Mar 7, 2017 | By Julia
A Florida Senator is pushing to ramp up legislation for 3D printed guns. Senator Bill Nelson announced this past Monday that he has filed legislation with Senate Minority Leader Chuck Schumer, which would make it tougher to get 3D printed plastic firearms through security screenings.
This isn’t the first time the American legislators have cracked down on the threat of 3D printed guns. Back in 2013, Congress passed a specialized legislation that requires firearms to incorporate metal components. The theory was that metal part would make the guns easier to detect by metal detectors and security screenings, improving public safety in secured areas.
But there was a key loophole, initially overlooked by lawmakers: the 2013 legislative measure did not encompass whether a firearm’s metal components could be detachable or not. This critical oversight meant that potential firearm wielders could still remove any metal components before passing through security screenings, thus bringing 3D printed guns to secure areas without technically breaking the law.
Senator Bill Nelson
Now, Nelson’s new legislation would require all guns to feature a centralized metal component in the frame or barrel -- manufacturing a firearm (3D printed or otherwise) solely from plastic materials would be illegal.
“Thanks to advances in technology, anyone with a 3-D printer can simply print a fully-functioning firearm that can be snuck through a metal detector without being noticed,” Nelson told press.
“Congress acted in 2013 to ban these guns, but a loophole in the law allows people to attach a removable piece of metal to get around that law. These guns pose a real threat to our safety and we need to be doing everything we can to keep them off the streets and out of the hands of those who wish to do harm.”
The new legislation, which can be viewed in its entirety here, is the third time that Nelson and Schumer have attempted to advance this type of motion. After their original initiative in 2013, the two US politicians tried once more in 2015, with unsatisfactory results.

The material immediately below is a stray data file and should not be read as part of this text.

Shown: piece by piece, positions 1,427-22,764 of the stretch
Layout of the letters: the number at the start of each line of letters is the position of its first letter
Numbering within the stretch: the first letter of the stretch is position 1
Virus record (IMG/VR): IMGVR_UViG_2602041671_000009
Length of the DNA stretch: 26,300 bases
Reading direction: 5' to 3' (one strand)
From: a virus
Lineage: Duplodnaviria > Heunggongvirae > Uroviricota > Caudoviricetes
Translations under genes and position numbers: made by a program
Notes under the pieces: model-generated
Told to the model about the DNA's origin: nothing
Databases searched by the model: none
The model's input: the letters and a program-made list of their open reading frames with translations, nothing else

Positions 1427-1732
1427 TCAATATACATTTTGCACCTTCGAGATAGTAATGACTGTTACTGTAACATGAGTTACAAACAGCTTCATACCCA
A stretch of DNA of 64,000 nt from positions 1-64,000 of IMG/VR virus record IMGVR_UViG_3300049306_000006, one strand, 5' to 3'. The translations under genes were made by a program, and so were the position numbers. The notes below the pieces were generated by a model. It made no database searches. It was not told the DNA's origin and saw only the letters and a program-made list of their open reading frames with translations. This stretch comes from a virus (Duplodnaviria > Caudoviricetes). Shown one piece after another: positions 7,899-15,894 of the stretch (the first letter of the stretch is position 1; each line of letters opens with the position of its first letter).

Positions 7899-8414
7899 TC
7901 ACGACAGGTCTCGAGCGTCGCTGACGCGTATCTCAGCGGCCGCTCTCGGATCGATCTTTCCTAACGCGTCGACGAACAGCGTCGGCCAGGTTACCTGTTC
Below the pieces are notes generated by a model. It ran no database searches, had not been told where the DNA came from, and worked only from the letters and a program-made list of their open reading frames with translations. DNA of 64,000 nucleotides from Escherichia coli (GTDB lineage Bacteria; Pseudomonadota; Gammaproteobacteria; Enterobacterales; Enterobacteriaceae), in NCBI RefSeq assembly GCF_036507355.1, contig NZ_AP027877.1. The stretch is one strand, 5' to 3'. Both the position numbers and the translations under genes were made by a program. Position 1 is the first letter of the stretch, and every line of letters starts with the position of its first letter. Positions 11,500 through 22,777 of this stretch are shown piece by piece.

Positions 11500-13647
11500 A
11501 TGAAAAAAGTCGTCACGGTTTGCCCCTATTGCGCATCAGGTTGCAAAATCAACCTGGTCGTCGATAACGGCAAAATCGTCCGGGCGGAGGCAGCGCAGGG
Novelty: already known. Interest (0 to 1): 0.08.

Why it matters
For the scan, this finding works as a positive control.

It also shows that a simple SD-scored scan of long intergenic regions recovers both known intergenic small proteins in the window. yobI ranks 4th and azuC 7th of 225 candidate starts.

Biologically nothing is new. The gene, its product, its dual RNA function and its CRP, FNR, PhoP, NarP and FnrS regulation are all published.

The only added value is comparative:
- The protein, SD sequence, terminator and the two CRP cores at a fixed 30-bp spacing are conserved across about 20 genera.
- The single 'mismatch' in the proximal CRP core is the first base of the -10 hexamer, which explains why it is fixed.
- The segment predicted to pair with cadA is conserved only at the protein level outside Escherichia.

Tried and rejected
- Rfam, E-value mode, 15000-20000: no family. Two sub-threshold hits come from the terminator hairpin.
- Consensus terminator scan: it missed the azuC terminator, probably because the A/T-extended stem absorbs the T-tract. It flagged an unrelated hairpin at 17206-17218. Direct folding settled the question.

the 3D printed gun seized at Reno-Tahoe International Airport
While actual documented cases of 3D printed gun seizures are not as pervasive, at least for the moment, as Nelson and Schumer intuit, both lawmakers have cited a specific incident back in August at the Reno-Tahoe International Airport. There, TSA agents found and confiscated a plastic gun from a passenger’s carry-on bag during standard security screenings. The gun, which was constructed using a 3D printed, was found loaded with five live .22 caliber bullets.
Posted in 3D Printing Application
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Eric Spidell wrote at 3/12/2017 10:02:46 PM:
Looking at this "FireArm" one can easily see that this would not be able to hold up to even one shot. The cylinder would almost certainly shatter on the first attempt. with the round not being propelled due to the lack of compression behind it all you have is a metal firecracker that would send small shards in all directions. This is a poor attempt at once more limiting our freedoms due to idiots trying to make a gun that would in all probability hurt the wielder more than any intended targets.
Dean Weingarten wrote at 3/9/2017 12:49:15 AM:
A quick search on the Internets shows the Reno gun was a non-firing replica, as I suspected.
Dean Weingarten wrote at 3/9/2017 12:38:10 AM:
Just another way to stifle freedom and innovation. The "pistol" shown almost certainly was not functional. This is all scare tactics to push otherwise silly legislation. It will only stop people who are willing to follow the law. Let us see video of testing the so-called gun, while it is fired with the ammunition it had in the plastic cylinder. Nelson needs to go in 2018. The election cannot come soon enough.
Matthew Scott wrote at 3/8/2017 4:25:33 AM:
Actually including a sturdy barrel in the structure would also make it safer for repeated fire as each bullet would tear through the plastic barrel. That's why the Liberator was designed with a removable barrel. Reinforcing the frame would keep the gun from falling apart as easily due to shock from discharge. The original design called for a metal block that was designed to be relatively detectable and in no way functional. These suggested law changes are there to protect the people making the weapons just as much as trying to protect others from having them used on them.
boyd workman wrote at 3/8/2017 3:54:00 AM:
another beady eyed liberal traitor gun phob I wrote the book on advanced 3d printed guns jackass like bill just make me develop even more advanced weapons I now have several modes of the most advanced 3d printed ar15 ,folding glock hand guns and large bore ordnance launchers that cant be stopped by any low life commie bastard look my name up on u tube